To The Herald-Whig:
Qunicy, Illinois — A small item appeared in the July 22 Herald Whig so misleading and distorted it really must be challenged. The report concerned a patch of “wild and uncultivated” marijuana in Hancock County consisting of about 600 plants hauled away by the sheriff’s department. Ascribed to Sheriff John Johnson was a statement referring to the value of “the cultivated marijuana” as equal to about $1,000 a plant making the haul potentially worth “$600,000.” So which was it, “wild and uncultivated” or “cultivated?” Sheriff Johnson is quoted as saying under the right growing conditions wild marijuana can have almost the same amount of THC as cultivated marijuana. This last statement must be refuted.
A wild patch of marijuana should be called by it’s proper name, a stand of hemp, left over from when hemp was still an important Illinois crop. As hemp, those 600 plants had no more value then 600 ragweed plants. Legitimate scientific research which refutes the claim that THC levels fluctuate wildly in feral hemp can be found at www.druglibrary.org. Find there a study entitled “Seasonal Fluctuations in Cannabinoid Content of Kansas Marijuana” first published in the journal, “Economic Botany” in 1975. Kansas State University in Manhattan researchers, monitored the seasonal changes in cannabinoid levels in wild stands of Kansas hemp over the course of a growing season.
Cannabinoids are the family of compounds produced by the Cannabis sativa plant. There are several, including CBD, delta-8-THC, delta-9-THC and CBN in various ratios to each other. Only delta-9-THC is psychoactive. The Kansas study states, “researchers generally agree that marijuana falls into two categories: (1.) drug types and (2.) non-drug types. Marijuana high in CBD and low in THC is characteristic of the non-drug type; the drug type is low in CBD, high in THC.” The plants sampled were found to have CBD levels 10-20 times higher than other cannabinoids in all plant parts. Though cannabinoid levels do fluctuate during the growing season, and stress can play a part in those changes, the fluctuation of delta-9-THC was found to be in the range of 0.0001 to 0.06 percent of dry plant matter. This is a truly negligible range. Marijuana must have a percentage of at least 2% to be psychoactive. The highest value stated in any part of the study for THC is 0.49 percent. This is still well below the minimum necessary for a drug effect.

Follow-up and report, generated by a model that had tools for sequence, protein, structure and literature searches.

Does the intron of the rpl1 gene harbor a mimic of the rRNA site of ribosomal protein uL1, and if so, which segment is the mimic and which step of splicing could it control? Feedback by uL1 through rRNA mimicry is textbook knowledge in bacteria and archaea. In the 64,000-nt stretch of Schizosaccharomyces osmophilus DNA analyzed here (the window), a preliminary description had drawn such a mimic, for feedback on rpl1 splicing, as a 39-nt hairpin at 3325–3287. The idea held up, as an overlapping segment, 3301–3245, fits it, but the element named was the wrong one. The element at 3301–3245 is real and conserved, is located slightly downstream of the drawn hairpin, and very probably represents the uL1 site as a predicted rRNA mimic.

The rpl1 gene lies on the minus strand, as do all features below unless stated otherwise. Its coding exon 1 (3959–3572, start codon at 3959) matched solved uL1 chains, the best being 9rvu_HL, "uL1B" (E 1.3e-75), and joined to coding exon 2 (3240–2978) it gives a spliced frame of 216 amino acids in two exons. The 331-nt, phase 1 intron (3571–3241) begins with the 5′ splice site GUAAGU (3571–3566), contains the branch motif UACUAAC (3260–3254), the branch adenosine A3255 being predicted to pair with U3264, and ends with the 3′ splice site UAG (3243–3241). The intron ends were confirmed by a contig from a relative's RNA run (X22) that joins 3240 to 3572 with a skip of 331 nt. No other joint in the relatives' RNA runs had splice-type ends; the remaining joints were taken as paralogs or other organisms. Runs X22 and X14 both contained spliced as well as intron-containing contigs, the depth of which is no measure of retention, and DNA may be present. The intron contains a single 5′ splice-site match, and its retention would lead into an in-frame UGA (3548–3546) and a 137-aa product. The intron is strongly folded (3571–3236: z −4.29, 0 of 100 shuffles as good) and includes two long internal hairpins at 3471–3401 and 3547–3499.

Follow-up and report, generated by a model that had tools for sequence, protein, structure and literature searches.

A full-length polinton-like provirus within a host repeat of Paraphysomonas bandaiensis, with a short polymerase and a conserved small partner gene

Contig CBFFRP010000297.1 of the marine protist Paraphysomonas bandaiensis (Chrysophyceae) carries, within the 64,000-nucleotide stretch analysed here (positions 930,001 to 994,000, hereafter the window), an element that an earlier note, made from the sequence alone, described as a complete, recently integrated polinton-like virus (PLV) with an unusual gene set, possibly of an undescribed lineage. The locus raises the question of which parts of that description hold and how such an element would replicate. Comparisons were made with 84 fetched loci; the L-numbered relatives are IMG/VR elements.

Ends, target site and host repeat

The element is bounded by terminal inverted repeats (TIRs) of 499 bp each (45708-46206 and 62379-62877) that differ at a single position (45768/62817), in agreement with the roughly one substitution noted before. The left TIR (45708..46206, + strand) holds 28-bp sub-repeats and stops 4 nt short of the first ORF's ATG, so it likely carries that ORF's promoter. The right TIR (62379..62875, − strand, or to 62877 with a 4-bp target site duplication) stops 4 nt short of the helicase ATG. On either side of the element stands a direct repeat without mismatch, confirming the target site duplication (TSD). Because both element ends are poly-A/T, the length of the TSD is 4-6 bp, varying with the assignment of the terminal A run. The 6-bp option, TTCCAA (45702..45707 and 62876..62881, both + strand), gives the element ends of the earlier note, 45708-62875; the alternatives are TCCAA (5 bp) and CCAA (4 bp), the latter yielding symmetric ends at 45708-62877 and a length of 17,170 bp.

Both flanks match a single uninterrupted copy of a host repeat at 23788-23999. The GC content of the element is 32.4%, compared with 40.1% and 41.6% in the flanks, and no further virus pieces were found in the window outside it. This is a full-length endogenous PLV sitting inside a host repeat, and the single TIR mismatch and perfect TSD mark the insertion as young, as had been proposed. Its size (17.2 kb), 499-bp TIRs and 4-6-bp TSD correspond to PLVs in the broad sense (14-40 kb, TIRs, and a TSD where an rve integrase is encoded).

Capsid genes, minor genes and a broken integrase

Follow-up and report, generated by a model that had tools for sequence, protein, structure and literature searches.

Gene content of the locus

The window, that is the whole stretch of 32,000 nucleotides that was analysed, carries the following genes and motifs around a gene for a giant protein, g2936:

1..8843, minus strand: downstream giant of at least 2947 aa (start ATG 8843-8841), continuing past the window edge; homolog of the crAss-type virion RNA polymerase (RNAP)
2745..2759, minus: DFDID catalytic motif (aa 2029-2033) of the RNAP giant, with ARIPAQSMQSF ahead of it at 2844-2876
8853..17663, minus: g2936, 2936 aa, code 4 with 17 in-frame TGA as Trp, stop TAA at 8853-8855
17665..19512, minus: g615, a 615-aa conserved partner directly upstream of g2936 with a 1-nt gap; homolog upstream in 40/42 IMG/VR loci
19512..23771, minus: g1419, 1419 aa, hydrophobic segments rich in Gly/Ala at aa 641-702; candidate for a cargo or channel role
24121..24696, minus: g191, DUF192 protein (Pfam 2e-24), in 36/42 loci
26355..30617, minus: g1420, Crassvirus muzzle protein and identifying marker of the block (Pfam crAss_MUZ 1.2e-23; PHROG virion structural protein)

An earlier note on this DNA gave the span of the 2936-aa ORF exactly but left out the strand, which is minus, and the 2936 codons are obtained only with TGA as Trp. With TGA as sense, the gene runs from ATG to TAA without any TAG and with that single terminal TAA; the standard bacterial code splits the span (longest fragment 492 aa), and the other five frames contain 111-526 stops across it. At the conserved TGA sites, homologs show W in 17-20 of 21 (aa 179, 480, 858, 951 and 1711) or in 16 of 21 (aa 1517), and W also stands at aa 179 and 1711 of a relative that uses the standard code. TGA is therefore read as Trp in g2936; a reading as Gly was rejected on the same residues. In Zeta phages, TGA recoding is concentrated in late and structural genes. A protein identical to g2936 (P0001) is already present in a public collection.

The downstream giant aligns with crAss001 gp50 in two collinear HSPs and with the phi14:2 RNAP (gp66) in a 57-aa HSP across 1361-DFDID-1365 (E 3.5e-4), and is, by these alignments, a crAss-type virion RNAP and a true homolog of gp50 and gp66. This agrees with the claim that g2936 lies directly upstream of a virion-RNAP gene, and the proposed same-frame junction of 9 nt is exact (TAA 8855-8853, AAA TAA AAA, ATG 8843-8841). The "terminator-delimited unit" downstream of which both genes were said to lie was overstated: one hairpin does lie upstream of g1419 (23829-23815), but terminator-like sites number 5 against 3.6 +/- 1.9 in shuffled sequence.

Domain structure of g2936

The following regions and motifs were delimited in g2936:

The study concludes, “potential cannabinoid content of marijuana appears to be genetically controlled, but the level of expression may be regulated by environmental factors regulating plant growth and development. Marijuana growing in Kansas is low in potency. Midwestern marijuana descended from varieties cultivated for fiber and cannabinoid level, apparently has remained unchanged by natural selection.”
A reappraisal of hemp’s value as an agricultural crop is taking place in Illinois and worldwide. The international standard for the THC content of hemp varieties is 0.3 percent or less. More and more countries are accepting this standard but the United States government still refuses to. The Canadian government’s list of approved cultivars for the 2000 growing season contains 23 varieties. Both houses of the Illinois Legislature have passed resolutions calling on the federal government to accept the distinction between low and high potency varieties. The Illinois Industrial Hemp Act currently awaits final passage in the Illinois House and would establish a two-year research program at the University of Illinois and Southern Illinois University. The Illinois Farm Bureau supports this bill.
Our agriculture must change and researching new crops is one obvious avenue to pursue. In the Farm Bureau booth at the Adams County Fair was a display on hemp created by me which I hope served to open many people’s eyes to the potential of a hemp-based agriculture and dispel the many misconceptions about it.
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